Everything Must Go
Another angle that the deck has is regaining all of the life lost in one go, but that seems counterproductive, right? With cards like Children of Korlis and Tainted Sigil, we can do just that. Tainted Sigil occasionally gains us more life than we personally lost, but both it and Children of Korlis accomplish the same goal which is to reset our life total once we have drained it with Selenia or our other pieces. We’re still missing a piece of this three-part combo, and we can finish it with any of three different cards: Sanguine Bond, Defiant Bloodlord, or Vizkopa Guildmage. While Vizkopa Guildmage hits each opponent, it does need consideration since its ability requires mana to activate. Our enchantment and vampire options don’t have this setup, but each is limited by only being able to target one player. If we gear our Selenia build to have a life-gain subtheme, we can take full advantage of these cards even when not threatening this unorthodox combo win.
Despite covering several ways to weaponize our life-total already, we’re not done yet. Hatred lets us pay any amount of life to give a creature +X/+0 where X is the life we paid. Not only can we drain our life, but we can turn an unblocked attacker, like our commander, into a lethal strike. Phryexian Processor, combined with Children of Korlis, makes it trivial to create an army of gigantic creatures over time without much sacrifice. These two, along with Wall of Blood, let us use our life total to create a very large creature. Using these, we have another avenue to attack our opponents. While not needing the life investment like these do, Serra Avatar will also work in our favor just as well.
At the small cost of sacrificing one our gigantic creatures, we can potentially knock an opponent out of the game in one shot. Usually when people think of this immediate elimination by a deck centered around life, they think of our friendly death star, Aetherflux Resevoir. However, these cards are much less known.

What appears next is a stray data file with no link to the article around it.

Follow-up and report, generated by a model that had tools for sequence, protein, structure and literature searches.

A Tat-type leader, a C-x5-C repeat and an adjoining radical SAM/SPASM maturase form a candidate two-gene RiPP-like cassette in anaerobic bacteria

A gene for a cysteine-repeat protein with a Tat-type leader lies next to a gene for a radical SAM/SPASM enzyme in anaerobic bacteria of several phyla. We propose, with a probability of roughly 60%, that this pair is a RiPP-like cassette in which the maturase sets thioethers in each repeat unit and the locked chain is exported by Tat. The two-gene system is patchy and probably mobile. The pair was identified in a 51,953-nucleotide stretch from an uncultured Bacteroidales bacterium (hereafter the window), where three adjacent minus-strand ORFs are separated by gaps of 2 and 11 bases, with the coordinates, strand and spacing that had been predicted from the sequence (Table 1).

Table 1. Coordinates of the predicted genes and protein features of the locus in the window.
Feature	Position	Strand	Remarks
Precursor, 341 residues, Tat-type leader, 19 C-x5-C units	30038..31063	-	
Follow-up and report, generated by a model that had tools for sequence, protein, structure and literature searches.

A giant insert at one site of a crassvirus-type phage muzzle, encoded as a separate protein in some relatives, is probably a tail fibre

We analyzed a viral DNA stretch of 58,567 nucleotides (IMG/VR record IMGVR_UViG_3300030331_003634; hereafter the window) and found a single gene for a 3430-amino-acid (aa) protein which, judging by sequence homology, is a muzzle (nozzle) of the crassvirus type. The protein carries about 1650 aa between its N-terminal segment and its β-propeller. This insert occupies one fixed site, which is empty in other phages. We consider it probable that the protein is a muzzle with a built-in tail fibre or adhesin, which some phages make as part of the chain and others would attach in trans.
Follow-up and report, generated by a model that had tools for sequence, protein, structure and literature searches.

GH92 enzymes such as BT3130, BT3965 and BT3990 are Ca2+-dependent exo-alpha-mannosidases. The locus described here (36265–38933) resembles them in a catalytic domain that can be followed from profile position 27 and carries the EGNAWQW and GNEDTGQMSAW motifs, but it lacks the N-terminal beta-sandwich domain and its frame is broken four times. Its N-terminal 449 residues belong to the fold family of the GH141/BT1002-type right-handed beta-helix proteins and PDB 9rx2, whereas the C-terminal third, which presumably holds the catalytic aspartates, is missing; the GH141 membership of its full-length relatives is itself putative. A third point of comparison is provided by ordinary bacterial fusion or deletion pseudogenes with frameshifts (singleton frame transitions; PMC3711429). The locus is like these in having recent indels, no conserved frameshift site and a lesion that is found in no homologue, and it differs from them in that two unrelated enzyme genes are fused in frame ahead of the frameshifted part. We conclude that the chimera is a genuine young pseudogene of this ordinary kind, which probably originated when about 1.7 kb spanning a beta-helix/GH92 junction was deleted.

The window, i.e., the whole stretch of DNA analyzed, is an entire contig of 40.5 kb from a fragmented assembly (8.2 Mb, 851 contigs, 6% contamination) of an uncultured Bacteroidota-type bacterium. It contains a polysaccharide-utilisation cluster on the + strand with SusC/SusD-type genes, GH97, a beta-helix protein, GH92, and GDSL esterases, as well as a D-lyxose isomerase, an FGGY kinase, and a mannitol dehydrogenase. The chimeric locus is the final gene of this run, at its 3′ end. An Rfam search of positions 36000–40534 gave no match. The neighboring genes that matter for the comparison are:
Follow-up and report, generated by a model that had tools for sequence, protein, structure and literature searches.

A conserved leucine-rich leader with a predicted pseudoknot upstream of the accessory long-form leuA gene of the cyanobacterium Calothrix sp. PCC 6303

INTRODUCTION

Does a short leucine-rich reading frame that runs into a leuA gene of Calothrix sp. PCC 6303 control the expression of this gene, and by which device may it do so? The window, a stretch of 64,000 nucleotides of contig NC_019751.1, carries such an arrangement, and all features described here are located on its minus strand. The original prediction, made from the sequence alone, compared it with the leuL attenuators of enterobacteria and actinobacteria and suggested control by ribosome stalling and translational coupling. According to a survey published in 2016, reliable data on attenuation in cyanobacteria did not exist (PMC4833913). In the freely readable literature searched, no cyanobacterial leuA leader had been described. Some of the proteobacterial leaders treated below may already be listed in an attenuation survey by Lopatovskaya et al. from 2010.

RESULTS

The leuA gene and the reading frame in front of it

Dying Wish needs a sacrifice outlet, but it lets us not only drain our opponent for a massive chunk but also recoup the life we lost. Rite of Consumption does the sacrificing for us for the same effect as Dying Wish. Despite being such a great effect for only two mana, it currently only sees play in seven Selenia builds. Considering that Hatred sees play in 40% of decks and Wall of Blood sees play in 50% of decks, I think that’s underplayed. This isn’t even the only card like this that we have access to. We get even more redundancy if we include Essence Harvest and Final Strike. Essence Harvest at least, sees some, if very little, play by being included in four decks, but Final Strike? It currently sees play in zero Selenia decks. Zero. I’m going to chalk that up to it being a card from Portal, but even then I’m shocked to see that no decks play it.
Silencing the Critics
One thing that has probably stood out throughout this article is how vulnerable this gameplan is to removal or targeted damage. Fear not, for we have answers to that as well. Grand Abolisher and Conqueror’s Flail let us carry out our perilous plan with relative safety by allowing us to ignore our opponent’s interference during our turns. Each silences our opponents, leaving them helpless to watch as we drain the life from them. As an added bonus, the flail gives Selenia a small buff. If the game comes down to it, Selenia can slowly whittle down our opponents. Another thing that may have stood out is how we actually finish off opponents when we’ve drained them low on life. Any cards with extort like Blind Obedience or Crypt Ghast allow us to drain their final dregs of life. While a bit more dangerous to our own life, Pestilence lets us accomplish the same end goal when we’re closing the game out.
End of Life
That’s it for this week! As usual, I can’t possibly cover every card that Selenia can leverage in detail, so I leave you with a list of other cards to look at and consider.
Thanks once again for joining me in the Underdog’s Corner!